Also in this group are the lawyers who wish to provide low-cost legal services to special segments of the population who couldn’t otherwise afford a lawyer; doctors, dentists, and other professionals with similar motivation; pastors of independent congregations; founders of specialized schools, cooperatives, and credit unions. The list of those who find small business an outlet for their community-service orientation goes on and on.
Interestingly, this selfless approach often results in much greater financial success than the business founded to create wealth, probably as a result of the tireless devotion that such an enterprise produces. When the primary goal of an owner is making money, it’s common to see great swings in the level of desire. When the going gets very rough or too easy, many who have only dollar signs in their eyes lose interest. Those who are pursuing the greater good may feel a stronger compulsion to keep on pushing.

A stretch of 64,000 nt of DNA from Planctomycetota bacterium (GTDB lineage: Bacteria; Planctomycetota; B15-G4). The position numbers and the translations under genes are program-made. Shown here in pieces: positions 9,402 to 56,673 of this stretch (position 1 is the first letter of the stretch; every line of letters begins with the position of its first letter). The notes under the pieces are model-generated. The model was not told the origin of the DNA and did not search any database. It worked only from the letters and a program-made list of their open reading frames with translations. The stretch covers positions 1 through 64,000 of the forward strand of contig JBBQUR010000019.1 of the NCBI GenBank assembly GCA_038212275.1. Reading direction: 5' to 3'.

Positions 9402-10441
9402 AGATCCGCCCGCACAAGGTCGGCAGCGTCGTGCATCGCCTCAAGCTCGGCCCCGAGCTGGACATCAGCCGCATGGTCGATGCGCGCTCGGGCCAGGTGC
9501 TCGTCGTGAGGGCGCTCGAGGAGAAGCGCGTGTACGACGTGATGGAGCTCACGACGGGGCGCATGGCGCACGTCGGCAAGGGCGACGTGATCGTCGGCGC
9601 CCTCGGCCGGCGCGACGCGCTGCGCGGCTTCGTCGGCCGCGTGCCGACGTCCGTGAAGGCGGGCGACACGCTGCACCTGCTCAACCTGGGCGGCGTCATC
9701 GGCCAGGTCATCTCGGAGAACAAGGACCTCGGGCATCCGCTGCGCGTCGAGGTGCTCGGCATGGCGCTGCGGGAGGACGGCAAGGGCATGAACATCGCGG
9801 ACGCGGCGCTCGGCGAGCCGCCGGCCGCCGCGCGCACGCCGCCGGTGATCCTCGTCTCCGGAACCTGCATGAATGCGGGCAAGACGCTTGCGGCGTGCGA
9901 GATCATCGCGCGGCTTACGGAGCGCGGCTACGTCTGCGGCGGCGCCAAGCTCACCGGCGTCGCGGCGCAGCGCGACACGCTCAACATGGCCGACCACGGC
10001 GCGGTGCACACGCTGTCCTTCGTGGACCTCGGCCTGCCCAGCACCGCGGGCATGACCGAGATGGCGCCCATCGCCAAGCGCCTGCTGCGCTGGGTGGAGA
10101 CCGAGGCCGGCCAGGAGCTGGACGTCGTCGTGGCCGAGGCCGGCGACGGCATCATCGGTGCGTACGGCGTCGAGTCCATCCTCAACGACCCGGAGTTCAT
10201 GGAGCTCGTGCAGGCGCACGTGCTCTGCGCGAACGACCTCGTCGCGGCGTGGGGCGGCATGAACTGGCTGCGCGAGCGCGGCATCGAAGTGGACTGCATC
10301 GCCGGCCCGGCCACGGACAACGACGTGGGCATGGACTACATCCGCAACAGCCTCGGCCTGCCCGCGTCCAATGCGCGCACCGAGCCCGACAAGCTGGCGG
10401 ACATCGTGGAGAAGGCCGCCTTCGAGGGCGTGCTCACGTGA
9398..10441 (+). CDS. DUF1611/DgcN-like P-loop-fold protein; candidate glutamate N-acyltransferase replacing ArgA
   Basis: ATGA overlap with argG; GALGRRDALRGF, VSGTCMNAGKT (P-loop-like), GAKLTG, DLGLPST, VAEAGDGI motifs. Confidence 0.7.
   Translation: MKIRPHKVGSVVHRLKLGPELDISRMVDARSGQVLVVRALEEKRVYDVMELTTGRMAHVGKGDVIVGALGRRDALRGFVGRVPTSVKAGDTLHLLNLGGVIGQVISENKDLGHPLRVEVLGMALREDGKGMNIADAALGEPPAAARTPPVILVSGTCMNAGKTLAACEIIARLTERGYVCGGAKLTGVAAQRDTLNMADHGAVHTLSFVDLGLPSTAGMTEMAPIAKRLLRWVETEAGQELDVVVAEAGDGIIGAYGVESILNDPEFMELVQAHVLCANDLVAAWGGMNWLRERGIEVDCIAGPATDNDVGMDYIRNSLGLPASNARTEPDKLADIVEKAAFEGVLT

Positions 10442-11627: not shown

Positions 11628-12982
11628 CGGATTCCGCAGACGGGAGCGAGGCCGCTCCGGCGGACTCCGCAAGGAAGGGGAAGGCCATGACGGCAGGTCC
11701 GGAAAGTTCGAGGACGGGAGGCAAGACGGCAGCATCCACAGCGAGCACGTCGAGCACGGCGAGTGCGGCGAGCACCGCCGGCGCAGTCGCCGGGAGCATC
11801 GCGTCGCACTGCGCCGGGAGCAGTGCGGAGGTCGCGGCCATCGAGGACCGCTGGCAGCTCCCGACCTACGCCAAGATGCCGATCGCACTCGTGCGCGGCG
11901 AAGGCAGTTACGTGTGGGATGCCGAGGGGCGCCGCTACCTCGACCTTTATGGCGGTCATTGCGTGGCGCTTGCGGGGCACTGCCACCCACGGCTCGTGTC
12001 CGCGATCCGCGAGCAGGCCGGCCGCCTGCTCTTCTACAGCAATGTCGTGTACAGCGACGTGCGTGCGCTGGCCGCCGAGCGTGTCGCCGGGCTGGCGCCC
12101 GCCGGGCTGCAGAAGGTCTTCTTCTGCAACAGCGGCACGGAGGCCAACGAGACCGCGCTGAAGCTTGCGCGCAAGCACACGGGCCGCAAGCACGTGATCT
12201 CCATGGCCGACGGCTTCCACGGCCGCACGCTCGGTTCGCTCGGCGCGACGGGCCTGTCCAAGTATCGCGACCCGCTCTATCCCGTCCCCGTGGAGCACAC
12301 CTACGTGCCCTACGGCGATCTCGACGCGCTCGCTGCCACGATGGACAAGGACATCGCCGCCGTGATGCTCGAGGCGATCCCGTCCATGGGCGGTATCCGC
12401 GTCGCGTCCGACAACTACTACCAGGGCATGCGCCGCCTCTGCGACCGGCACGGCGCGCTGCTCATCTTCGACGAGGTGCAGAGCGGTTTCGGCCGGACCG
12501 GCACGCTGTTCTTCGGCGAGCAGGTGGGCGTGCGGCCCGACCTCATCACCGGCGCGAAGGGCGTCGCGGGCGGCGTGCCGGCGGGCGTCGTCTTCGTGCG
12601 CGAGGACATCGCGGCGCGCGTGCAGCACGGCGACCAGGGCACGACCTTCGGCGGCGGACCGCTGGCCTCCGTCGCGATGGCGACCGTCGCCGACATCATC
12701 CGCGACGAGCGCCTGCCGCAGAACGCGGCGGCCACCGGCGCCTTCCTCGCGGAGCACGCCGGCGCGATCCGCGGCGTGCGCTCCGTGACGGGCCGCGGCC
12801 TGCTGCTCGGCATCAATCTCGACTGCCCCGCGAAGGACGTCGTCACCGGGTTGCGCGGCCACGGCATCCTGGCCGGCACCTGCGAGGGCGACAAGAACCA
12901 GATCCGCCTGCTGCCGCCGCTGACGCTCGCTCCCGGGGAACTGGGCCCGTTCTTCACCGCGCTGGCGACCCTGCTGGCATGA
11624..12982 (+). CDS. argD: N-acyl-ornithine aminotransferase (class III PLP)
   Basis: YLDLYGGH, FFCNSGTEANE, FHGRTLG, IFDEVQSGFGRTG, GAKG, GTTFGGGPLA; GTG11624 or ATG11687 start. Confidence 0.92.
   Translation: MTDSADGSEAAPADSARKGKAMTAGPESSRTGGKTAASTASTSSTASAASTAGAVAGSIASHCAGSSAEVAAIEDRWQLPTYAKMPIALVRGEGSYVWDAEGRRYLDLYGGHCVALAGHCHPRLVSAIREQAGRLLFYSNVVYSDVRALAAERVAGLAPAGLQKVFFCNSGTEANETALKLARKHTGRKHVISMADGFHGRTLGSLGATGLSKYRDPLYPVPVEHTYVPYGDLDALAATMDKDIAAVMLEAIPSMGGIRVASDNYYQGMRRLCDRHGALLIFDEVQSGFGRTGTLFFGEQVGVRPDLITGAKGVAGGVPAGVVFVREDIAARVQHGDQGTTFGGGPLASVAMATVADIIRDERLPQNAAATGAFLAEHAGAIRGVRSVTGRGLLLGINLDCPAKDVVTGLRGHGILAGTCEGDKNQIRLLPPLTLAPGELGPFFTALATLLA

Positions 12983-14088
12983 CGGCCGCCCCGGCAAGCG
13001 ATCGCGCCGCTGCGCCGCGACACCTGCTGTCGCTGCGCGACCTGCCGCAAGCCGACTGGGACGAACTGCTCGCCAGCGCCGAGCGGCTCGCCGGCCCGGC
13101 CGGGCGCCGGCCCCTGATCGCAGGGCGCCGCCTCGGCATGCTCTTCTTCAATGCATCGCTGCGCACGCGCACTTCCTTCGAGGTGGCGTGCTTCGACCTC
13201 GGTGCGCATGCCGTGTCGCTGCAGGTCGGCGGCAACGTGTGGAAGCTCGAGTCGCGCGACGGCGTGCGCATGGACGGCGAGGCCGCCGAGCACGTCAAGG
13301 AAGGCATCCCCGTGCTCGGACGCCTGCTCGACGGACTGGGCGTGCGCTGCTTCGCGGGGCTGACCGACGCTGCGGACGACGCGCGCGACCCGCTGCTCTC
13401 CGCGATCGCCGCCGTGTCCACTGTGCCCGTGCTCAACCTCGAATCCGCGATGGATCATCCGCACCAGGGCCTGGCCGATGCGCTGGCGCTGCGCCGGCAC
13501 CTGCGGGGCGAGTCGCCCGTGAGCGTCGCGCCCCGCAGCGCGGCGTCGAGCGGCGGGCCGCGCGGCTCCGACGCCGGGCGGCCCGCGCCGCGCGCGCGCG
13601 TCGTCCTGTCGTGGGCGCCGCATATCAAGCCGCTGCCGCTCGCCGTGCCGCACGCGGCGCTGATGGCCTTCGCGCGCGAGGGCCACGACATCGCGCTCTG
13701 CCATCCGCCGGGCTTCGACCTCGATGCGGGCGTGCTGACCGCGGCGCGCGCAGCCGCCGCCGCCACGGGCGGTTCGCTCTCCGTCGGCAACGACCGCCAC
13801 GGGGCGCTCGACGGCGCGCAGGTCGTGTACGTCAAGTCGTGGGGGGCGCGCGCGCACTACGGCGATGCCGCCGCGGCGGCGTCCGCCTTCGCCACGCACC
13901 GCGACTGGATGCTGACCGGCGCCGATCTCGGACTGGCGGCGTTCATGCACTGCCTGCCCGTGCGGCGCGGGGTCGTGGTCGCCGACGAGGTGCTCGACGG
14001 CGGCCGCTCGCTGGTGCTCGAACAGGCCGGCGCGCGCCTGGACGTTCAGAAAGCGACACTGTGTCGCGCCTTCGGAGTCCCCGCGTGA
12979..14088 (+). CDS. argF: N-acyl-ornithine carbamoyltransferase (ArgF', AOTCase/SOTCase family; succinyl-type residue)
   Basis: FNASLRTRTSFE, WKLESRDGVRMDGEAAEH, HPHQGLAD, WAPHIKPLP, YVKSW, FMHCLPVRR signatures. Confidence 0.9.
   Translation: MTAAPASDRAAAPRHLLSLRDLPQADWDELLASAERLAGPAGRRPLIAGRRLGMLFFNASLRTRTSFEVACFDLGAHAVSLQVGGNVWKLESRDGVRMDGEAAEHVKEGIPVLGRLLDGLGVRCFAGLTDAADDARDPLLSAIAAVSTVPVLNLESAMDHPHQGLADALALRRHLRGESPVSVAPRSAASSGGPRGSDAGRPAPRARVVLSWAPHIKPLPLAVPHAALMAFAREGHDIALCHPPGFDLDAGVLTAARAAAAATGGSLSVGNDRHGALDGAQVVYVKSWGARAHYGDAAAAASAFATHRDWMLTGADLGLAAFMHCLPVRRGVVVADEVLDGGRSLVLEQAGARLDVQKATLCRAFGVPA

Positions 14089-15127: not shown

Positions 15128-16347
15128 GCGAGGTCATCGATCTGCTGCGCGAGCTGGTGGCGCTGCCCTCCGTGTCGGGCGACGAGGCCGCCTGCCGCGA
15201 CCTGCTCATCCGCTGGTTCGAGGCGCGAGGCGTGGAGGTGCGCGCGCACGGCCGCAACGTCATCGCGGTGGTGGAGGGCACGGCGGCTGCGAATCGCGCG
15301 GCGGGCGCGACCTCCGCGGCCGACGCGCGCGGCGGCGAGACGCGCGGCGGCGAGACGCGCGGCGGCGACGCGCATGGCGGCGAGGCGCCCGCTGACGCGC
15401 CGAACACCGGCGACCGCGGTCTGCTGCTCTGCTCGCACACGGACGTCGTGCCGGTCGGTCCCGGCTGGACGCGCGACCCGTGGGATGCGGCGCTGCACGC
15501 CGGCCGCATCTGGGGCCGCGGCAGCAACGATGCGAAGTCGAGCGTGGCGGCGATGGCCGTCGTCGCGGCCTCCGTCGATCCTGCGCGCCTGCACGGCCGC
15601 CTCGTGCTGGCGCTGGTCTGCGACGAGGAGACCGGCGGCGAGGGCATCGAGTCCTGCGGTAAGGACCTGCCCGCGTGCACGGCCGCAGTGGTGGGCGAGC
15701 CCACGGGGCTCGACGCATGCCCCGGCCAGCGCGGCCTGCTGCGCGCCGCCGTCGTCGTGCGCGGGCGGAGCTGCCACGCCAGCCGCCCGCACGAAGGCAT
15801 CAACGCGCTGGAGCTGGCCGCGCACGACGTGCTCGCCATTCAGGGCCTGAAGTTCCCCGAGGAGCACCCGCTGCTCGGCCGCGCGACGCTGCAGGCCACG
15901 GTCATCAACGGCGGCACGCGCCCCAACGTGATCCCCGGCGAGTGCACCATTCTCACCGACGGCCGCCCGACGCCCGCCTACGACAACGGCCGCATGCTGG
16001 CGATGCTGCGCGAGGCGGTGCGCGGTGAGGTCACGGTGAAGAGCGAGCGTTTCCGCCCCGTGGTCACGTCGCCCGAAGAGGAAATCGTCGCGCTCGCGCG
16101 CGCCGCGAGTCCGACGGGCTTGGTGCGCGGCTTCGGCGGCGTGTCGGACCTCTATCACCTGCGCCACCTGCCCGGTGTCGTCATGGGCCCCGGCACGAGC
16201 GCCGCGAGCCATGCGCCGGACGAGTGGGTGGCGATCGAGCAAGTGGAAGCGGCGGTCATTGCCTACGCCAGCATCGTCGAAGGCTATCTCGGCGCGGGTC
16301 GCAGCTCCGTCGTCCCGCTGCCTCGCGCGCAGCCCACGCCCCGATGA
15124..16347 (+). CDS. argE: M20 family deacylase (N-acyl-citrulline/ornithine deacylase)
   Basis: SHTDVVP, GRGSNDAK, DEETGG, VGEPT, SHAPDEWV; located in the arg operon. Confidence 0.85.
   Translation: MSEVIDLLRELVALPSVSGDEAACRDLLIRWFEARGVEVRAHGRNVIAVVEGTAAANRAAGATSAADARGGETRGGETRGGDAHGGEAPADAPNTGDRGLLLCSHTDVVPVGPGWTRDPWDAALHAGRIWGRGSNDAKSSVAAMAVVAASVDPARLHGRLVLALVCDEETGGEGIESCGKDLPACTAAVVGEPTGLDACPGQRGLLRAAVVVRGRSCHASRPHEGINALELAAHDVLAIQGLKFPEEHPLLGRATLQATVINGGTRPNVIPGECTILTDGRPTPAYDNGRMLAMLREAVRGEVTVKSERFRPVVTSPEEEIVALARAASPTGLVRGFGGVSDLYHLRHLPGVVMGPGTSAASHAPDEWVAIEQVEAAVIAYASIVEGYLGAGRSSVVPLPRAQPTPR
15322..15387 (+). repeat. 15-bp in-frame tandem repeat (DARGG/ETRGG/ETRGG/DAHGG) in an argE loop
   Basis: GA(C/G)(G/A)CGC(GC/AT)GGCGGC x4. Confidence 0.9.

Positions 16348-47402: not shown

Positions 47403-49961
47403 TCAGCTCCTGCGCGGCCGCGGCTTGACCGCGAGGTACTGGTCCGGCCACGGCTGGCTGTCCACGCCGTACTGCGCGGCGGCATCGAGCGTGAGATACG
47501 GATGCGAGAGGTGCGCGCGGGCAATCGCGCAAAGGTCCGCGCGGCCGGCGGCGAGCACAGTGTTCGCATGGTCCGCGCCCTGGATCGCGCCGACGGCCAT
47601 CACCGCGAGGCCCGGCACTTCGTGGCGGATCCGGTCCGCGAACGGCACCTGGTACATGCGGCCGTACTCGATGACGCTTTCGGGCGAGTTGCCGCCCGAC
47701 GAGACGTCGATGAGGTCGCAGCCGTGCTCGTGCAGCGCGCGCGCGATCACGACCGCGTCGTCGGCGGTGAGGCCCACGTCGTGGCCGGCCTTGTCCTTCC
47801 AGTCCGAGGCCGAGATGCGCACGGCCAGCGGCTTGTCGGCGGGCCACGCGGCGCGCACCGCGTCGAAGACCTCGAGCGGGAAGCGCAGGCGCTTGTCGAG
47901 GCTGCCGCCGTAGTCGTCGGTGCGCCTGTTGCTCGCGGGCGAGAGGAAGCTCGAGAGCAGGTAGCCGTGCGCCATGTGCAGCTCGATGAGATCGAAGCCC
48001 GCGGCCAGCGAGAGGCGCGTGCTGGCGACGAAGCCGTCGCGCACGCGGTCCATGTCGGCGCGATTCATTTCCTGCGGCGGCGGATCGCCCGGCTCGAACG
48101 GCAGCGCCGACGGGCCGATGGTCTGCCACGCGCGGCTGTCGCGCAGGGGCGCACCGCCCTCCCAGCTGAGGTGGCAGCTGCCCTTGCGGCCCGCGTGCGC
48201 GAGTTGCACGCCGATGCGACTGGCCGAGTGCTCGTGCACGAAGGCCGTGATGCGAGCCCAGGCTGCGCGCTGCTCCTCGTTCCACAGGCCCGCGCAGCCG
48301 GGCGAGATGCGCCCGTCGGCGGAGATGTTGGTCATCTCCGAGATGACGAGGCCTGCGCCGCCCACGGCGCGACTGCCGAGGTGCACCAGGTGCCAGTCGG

Simply being out of a job has often pushed people into self-employment. This seems to be particularly true when an individual has lost his job due to a merger, an acquisition, a dot-com bust, or changing economic conditions (such as military downsizing).
Having something to prove can be a major motivational factor. A parent, sibling, spouse, or other significant person who is doing well in his own business, or speaks of others who are, could create pressure to give it a try. A rival is making more money than our budding businessman. He sees a small venture as the only hope he has of “keeping up.” A son feels that he must keep the family business going, or do it better than his dad. This group may be acting from a neurotic point of view, and as such will likely be very unhappy in business. Some of our most successful and well-known businesspeople are very wealthy and very unhappy because their drive comes from this unhealthy direction.